Editorial process

At AM, we know we must hold ourselves accountable for our editorial decisions. We are committed to asking questions and interrogating our decision-making process while also maintaining an open dialogue with our archival partners.

Over the past 30 years, we have built strong and resilient relationships with archives and libraries around the world. We acknowledge that hegemonic perspectives and voices have often survived at the expense of marginalised communities, and understand that by digitising primary sources, we contribute to the continued survival and discovery of such materials.

Seeking feedback

We seek feedback with the academic community and collaborate with a dedicated board of consultants for each individual product, aiming to ensure the inclusion of scholars and curatorial experts who can speak to the experiences of underrepresented communities.

We continue to increase our efforts to commission essays and features which contextualise problematic terminology, highlight archival silences, discuss some of the complexities of historic archival practice and shed light on tools that students can use to overcome these challenges.

Working with source archives

Our determination to produce diverse and inclusive products steers our processes and best practices, helping to ensure that equal consideration is given from concept through to publication. We’re committed to reviewing the advice and training given to our teams and embedding principles which will enable us to build more equitable online resources. In addition to accessibility, we are carefully considering how best to address bias in terminology and metadata and exploring ways to uncover hidden voices wherever possible.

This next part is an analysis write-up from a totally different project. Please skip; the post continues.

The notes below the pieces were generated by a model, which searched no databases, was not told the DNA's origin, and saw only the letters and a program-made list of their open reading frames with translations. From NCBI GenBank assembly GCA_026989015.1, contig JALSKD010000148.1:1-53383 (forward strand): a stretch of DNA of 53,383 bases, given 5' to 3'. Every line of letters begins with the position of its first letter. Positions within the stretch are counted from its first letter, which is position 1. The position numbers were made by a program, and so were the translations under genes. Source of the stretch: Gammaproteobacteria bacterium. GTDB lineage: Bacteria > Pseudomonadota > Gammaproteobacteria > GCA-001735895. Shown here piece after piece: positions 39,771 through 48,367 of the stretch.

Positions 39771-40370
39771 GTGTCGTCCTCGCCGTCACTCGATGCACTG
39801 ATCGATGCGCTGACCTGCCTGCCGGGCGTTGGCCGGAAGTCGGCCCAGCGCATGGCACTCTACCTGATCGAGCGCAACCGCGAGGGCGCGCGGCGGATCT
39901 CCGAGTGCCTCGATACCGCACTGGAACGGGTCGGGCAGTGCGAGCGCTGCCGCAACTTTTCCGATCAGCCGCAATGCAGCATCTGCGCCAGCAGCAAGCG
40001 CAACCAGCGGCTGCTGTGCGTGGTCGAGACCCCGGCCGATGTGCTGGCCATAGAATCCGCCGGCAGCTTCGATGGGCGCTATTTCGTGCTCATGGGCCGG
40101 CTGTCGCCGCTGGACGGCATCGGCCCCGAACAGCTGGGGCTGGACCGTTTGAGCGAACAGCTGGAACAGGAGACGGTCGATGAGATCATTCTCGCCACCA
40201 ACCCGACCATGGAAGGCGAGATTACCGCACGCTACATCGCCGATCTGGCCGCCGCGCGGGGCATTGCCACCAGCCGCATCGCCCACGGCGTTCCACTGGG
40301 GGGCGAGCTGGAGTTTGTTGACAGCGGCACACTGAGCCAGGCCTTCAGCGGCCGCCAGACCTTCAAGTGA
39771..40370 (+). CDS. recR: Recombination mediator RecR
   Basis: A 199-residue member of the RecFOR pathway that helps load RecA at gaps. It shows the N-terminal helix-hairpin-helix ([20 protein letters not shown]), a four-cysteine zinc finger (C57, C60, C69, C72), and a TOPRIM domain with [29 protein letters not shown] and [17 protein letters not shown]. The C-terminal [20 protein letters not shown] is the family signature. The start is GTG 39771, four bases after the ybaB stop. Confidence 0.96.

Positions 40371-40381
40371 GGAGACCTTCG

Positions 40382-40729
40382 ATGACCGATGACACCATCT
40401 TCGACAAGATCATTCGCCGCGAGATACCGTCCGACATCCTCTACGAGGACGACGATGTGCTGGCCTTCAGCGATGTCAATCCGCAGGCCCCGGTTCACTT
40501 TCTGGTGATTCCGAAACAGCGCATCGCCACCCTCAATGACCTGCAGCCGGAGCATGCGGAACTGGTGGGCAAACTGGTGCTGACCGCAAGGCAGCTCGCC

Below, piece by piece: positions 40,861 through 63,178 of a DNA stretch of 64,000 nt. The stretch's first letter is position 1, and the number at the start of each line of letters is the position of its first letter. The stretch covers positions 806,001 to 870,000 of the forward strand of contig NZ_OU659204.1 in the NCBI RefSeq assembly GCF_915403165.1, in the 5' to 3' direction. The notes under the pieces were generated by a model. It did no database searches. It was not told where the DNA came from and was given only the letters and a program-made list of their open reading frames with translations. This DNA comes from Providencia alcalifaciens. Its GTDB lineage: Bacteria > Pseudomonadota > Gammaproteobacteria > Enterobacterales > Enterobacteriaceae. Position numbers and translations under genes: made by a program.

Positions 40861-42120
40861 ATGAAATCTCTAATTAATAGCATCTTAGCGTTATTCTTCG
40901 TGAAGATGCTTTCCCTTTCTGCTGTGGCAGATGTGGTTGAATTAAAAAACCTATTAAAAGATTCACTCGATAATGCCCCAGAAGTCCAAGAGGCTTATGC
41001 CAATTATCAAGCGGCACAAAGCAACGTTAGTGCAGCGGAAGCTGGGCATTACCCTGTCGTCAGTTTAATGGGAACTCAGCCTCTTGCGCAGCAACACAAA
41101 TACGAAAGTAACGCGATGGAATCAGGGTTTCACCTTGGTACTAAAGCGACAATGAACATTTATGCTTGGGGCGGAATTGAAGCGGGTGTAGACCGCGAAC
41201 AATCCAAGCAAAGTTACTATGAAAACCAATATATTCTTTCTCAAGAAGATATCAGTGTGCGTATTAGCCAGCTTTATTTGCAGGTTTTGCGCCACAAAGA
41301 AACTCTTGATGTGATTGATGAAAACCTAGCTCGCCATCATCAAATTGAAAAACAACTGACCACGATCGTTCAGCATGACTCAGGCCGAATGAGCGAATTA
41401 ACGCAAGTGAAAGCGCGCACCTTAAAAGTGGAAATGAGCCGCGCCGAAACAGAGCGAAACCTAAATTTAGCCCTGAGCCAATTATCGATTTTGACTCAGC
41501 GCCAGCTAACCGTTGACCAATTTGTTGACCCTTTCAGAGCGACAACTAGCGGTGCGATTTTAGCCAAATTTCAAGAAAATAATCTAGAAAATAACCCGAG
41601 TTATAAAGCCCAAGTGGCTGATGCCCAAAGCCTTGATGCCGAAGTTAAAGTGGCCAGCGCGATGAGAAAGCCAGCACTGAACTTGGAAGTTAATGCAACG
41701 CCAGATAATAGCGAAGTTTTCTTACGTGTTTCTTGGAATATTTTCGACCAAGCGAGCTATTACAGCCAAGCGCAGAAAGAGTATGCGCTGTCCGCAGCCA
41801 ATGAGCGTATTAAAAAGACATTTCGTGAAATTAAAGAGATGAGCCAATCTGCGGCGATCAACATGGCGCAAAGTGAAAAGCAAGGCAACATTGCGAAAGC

In partnership with source archives and subject experts, we intend to:

  1. Take advice on the terminology used to describe communities and individuals.
  2. Prominently display statements which help users to understand the terminology they may encounter in our resources, and where or why they may encounter offensive or uncomfortable language.
  3. Provide information in our resources that explains material selection and who has consulted on that process.
  4. Acknowledge which primary sources can illuminate the experiences of underrepresented voices and which reflect the perspectives or biases of the dominant narrative.
  5. Compile user guides to help researchers locate content within published primary sources.

Harnessing technology

We’re particularly excited about the role that technology can play in redressing the historic imbalance of representation in archives. By applying Handwritten Text Recognition (HTR) software to our products, scholars can search manuscripts freely. While we cannot redress the biases held within sources themselves, the ability to search in this way can remove any historic or unintended biases existing in the catalogue data and improve the discoverability of underrepresented narratives. Through the application of searching software, we also aim to improve our metadata creation processes, actively seeking out voices which may have been obscured.

Updating existing products

In addition to considerations that impact the titles we are currently developing and producing, we will re-evaluate existing products and consider how best to contextualise language used within metadata and editorial content. We also aim to provide publication details to ensure users can clearly understand when resources have been released or updates made.

We are committed to continually improving our editorial processes. We welcome feedback on diversity and representation within our products.